Sheri Glazier, also known as Dirt Road Dietitian, is a registered dietitian working in nutrition and agriculture consulting and communications while also raising her family, and helping run their nationwide direct-to-consumer beef business, on their farm in Oklahoma. Her career path is very unique and has led her to work with the Oklahoma Beef Council, other registered dietitians, interns, students, and more, to work towards closing the gaps between nutrition and agriculture.
During her career, Sheri Glazier has been named the 2019 Oklahoma State University College of Human Sciences – Rising Star Alumni, the 2020 Oklahoma Outstanding Dietitian of the Year, and the 2022 Oklahoma Farm Bureau District 3 Farm and Ranch Family of the Year. Shari was gracious enough to give us insight into her career, how she got into this niche area of the industry, and how someone who is also interested in this type of career can get started.
Of The West: What made you decide to pursue this career and the specificity of it?
Shari Glazier: Health and nutrition have always been of interest to me for much of my life, thanks to my involvement in 4-H. Couple that with a passion for sports and the opportunity to play basketball collegiately – a career field in healthcare was intriguing to me, sans blood and the sorts. Upon retiring from college sports, I landed at Oklahoma State University, completing my BS and MS in nutritional sciences as well as a dietetic internship, which requires 1200 hours of (unpaid) supervised practice, and passed a national board exam to become a registered dietitian nutritionist.
Did you always know this is what you wanted to do for a living? If not, what led you to this field?
Absolutely not! I am someone who can find joy in almost anything and it was difficult to really nail it down.
A bit of the lay of the land for me, I grew up on a multi-generational wheat and stocker cattle farm, so agriculture has always been a core piece of who I am, and something that I always wanted to stay connected to. Realistically though, what did that look like for me long term? I had no idea. So I took the sports route through college and completed an Associate of Science in business administration because when someone isn’t really sure what they want to do that seemed like a smart idea, business skills are never a bad idea.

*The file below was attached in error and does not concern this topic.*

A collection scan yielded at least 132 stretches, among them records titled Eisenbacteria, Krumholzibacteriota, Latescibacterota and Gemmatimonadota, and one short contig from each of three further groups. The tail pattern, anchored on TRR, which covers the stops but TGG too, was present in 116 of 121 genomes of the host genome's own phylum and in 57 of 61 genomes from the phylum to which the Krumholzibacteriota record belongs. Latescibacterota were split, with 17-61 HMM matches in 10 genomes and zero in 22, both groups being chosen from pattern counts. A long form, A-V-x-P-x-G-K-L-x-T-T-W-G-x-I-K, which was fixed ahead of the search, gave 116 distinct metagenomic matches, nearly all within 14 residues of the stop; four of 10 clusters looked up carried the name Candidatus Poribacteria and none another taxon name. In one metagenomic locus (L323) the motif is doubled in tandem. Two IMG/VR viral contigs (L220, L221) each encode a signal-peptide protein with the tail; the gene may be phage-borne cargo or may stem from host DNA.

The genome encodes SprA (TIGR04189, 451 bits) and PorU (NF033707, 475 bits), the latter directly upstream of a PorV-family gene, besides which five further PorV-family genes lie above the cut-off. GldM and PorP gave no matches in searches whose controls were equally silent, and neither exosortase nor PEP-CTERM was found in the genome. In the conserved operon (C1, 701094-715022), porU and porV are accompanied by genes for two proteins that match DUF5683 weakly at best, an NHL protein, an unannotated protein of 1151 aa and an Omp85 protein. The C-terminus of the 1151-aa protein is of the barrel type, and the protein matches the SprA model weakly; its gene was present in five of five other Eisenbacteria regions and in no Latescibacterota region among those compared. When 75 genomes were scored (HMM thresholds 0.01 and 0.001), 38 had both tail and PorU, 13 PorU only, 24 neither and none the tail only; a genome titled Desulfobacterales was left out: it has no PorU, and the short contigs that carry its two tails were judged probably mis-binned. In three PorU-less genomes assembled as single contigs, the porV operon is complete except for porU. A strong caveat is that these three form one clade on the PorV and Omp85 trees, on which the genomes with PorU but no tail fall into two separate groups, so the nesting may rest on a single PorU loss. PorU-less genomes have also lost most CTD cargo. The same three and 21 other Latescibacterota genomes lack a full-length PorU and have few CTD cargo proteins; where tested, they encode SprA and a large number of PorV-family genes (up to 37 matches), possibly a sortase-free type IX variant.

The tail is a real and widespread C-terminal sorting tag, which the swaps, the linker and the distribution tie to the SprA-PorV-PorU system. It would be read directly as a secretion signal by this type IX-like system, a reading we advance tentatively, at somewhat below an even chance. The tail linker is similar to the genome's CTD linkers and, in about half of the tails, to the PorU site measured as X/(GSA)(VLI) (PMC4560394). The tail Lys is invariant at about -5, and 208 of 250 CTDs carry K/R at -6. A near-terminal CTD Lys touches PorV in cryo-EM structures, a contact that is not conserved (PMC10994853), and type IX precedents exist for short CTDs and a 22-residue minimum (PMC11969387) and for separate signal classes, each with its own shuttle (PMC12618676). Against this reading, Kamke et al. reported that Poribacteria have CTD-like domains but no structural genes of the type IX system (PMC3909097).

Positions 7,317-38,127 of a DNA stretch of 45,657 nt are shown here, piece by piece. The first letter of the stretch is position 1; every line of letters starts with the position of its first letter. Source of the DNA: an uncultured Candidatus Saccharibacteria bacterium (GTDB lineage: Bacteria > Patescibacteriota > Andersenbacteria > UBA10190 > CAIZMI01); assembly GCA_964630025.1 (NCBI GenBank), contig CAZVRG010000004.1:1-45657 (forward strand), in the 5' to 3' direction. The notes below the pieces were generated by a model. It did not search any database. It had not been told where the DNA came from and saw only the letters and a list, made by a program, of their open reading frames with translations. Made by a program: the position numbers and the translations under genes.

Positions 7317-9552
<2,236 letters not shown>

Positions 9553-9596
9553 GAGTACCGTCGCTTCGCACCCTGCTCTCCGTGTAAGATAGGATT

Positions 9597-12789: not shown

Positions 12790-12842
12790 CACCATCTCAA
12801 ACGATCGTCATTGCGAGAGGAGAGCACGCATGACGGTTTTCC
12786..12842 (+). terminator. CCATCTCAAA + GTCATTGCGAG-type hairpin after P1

Then I transferred to a 4-year university, where the medical field caught my interest. I took a few chemistry classes and microbiology and the sorts, and that is when things started to fall into place. Fast forward a year, I retired from basketball, started working in hospital kitchens to get some experience within a hospital – BS degree, then MS degree – all nutritional sciences, dietetic internship, passed the board exam, and landed my first job as a clinical dietitian at a large metropolitan hospital system.
When My Career Started to Take Shape
Life was really starting to take shape! I had gotten married, interestingly enough into another family with a multi-generational agriculture history, and that continued connection to agriculture kept me grounded. As children made their arrival into our family, professional work life continued to shift. I had taken an outpatient dietitian role, and then eventually transitioned to rural hospitals, much closer to home (I had been commuting 65 miles twice a day).
Where I’m At Today
More continued to unfold as the Oklahoma Beef Council was looking for a consulting dietitian. I was working part-time in hospital systems, and I always wondered how I would more seamlessly be able to connect my nutrition background with my agriculture background and this was definitely the start. My story continues to unfold. With this opportunity, Dirt Road Dietitian, LLC was born. I am presented with unique opportunities that allow me to connect and close missing nutrition and agriculture gaps with students, dietetic interns, registered dietitians, health professionals, the agriculture community, and all grocery shoppers in between.